metaES docs

About metaES as a meta-circular evaluator

metaES is a ECMAScript meta circular evaluator. The terms "evaluator" and "interpreter" are used interchangeably throughout this manual. You can learn more about such evaluator for example in SICP book that is available for free online at

Meta-circular evaluator interprets the language that it is written in, but that interpretation process is easier, because many of the features are implemented in base evaluator already. Example features list includes:

  • basic operators like +, -, *, /,
  • parsing of literals including boolean, String, Number and more,
  • support for functions including closures, internal function calling (using [[Call]]) and function methods like bind, apply, call,
  • handling of prototypes – metaES doesn’t rewrite them,
  • objects creation with new, Object.create or {}/[] literals,
  • availability of global objects, like Object, Array, String, Date and so on.

As a result, a significant part of meta-circular interpretation in metaES involves reusing the capabilities of the original interpreter. However, metaES also provides users with additional first class state (available as objects) such as call stack, environment, functions' closures and more. In ECMAScript engines those are typically hidden during normal execution and may only be accessible through engine-specific debugger APIs or non-standard functions.

Additionally, metaES is designed to be eaisily extendible on multiple layers.


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Using metaES

Before beginning

We need to understand one thing outside of metaES business: parsing and ASTs (Abstract Syntax Trees).

Let's say we have a function parse that accepts string and returns AST object:


// returns
    "type": "Program",
    "body": [
            "type": "ExpressionStatement",
            "expression": {
                "type": "BinaryExpression",
                "operator": "+",
                "left": {
                    "type": "Literal",
                    "value": 2,
                    "raw": "2"
                "right": {
                    "type": "Literal",
                    "value": 2,
                    "raw": "2"
    "sourceType": "script"

AST represents code in a structure that can be evaluated, compiled, transformed and so one. For metaES it doesn't matter as long produced AST is of the same shape defined by spec. TODO: write that metaES uses meryiah.

Basic evaluation

In the simplest scenario you can write:

metaesEval("2+2", console.log);

which will eval via callback to 4 - a success value. If you want to get back result, you need to provide second callback:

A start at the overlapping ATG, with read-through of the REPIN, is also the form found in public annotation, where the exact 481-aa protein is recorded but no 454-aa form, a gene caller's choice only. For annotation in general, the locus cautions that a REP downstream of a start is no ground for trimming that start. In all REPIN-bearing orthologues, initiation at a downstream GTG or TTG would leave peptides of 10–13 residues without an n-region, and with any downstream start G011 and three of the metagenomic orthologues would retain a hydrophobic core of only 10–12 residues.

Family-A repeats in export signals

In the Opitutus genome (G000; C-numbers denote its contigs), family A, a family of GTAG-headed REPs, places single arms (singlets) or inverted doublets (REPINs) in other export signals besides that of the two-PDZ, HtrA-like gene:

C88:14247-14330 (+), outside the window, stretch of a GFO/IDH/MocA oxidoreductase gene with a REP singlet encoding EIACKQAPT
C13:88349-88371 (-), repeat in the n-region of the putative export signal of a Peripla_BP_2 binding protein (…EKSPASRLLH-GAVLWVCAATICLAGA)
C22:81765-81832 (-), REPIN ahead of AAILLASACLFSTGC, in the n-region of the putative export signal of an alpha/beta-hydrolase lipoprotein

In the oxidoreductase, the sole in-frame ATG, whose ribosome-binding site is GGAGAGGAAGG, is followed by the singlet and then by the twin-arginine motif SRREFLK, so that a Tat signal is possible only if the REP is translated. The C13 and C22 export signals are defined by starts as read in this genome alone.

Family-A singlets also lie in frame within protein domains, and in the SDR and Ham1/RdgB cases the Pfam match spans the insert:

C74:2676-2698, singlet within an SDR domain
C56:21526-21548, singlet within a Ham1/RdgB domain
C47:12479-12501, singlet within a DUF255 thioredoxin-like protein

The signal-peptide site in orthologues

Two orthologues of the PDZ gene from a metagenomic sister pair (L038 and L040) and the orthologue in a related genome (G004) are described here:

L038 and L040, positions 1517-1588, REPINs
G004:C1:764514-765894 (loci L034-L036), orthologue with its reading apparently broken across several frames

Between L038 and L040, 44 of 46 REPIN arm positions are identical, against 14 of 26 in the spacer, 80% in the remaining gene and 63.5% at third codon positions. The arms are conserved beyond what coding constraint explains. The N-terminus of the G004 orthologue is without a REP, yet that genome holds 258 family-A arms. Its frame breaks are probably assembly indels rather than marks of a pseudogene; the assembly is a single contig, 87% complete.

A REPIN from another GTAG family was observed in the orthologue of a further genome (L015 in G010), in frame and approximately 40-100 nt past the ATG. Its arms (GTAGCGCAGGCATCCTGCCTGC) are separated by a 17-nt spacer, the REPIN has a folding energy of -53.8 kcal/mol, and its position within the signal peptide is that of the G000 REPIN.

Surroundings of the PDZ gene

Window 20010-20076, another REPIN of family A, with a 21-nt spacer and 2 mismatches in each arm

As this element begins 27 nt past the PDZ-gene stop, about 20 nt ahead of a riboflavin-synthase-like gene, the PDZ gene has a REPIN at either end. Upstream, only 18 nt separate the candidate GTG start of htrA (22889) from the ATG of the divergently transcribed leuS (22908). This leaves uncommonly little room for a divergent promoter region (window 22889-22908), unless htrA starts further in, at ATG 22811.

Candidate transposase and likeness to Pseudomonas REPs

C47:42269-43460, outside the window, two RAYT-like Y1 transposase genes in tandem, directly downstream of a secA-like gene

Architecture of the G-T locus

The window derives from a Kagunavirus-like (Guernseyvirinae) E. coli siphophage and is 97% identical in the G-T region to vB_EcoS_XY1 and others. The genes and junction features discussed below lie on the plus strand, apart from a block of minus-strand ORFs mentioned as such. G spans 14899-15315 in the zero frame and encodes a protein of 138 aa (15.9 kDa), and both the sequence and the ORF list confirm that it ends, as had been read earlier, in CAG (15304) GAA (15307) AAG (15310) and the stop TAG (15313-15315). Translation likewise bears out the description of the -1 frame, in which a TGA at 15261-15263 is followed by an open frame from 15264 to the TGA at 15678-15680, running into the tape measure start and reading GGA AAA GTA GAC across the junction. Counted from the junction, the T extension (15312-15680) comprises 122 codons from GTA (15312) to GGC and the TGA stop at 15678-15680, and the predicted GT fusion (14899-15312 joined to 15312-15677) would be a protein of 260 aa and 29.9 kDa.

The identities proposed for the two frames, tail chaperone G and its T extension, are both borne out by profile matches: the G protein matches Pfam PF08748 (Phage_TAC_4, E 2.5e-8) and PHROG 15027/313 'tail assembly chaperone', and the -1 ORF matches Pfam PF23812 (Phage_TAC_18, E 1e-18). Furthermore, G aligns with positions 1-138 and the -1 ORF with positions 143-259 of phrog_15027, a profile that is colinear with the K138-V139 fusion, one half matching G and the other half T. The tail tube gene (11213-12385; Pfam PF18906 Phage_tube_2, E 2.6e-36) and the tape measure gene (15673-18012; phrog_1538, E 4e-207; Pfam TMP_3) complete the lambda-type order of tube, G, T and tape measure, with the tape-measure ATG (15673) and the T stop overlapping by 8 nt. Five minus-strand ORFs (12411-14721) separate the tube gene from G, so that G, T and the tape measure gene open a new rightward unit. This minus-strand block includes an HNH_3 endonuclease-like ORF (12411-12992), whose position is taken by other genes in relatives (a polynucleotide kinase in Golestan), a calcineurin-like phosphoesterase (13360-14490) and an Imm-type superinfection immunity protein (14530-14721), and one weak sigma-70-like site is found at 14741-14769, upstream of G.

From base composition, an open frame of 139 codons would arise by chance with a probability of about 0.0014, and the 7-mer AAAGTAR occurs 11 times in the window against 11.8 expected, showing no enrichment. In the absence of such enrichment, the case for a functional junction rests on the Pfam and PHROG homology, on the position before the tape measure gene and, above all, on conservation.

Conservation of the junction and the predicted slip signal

metaesEval("x", null, console.error);

You can omit success and error callback entirely - metaesEval('doAnythingCorrect()') - but you won't get the result back.

Any script can be run this say:

let anyLongCode = `
    let input = [1,2,3];
    let squared =>x*x);`;
metaesEval(anyLongCode, console.log);

that parses. Otherwise:

metaesEval(`1x`, null, console.error);

will throw the parse error.

Remember that calling metaES in the following way:

metaesEval("throw 1");

will not throw. You have to provide error callback. It can throw only if error happens internally in metaES implementation. If you want to get result without callbacks and you know the program is synchronous, you can use uncps helper:

try {
  console.log("Result if success:", uncps(metaesEval)(`1x`));
} catch (e) {
  console.log("Error:", e);

You can also run AST directly:

    type: "BinaryExpression",
    operator: "+",
    left: {
      type: "Literal",
      value: 2,
      raw: "2"
    right: {
      type: "Literal",
      value: 2,
      raw: "2"
); // 4

That way metaES won't need to parse the source. The downside is there's no AST validator - a JavaScript parser was validating incorrect programs. metaES checks AST correctness neither.

metaesEval vs eval

metaesEval is similar to eval, but improved im some ways and limited in other. Let's compare. First, create wrapper for metaesEval to make experiments easier to read and write:

function eval2(source, env) {
  return uncps(metaesEval)(source, env);

Now, we can do:

eval("2+2") === eval2("2+2"); // true;

Errors work too:

let error1, error2;
try {
  eval("throw 1");
} catch (e) {
  error1 = e;
try {
  eval2("throw 1");
} catch (e) {
  error2 = e.value;
error1 === error2;

We had to unpack error thrown by eval2 - in metaES they're called exceptions and exceptions wrap original JavaScript error. TODO: what about cause?

Consider other example:

var a = 2;
eval("a+2"); // 4

standard eval captures surrounding scope, parses string end executes script. But:

var a = 2;
eval2("a+2"); // ReferenceError: a is not defined

doesn't work. There is no automatic closures or scope capturing in metaES. We can mitigate it if we know how to use continuations (a.k.a call-with-current-continuation, abbreviated as call/cc) in metaES. Read more about call/cc. Example:

eval3(function () {
  var a = 2;

We'd have to create eval3, where eval2 is predefined in its environment and is able to capture surrunding environment.

Final examples:

eval2("eval(1+2)"); // ReferenceError: eval is not defined.
eval2("eval(1+2)", { eval }); // 3
eval('eval2("eval(1+2)", {eval})'); // 3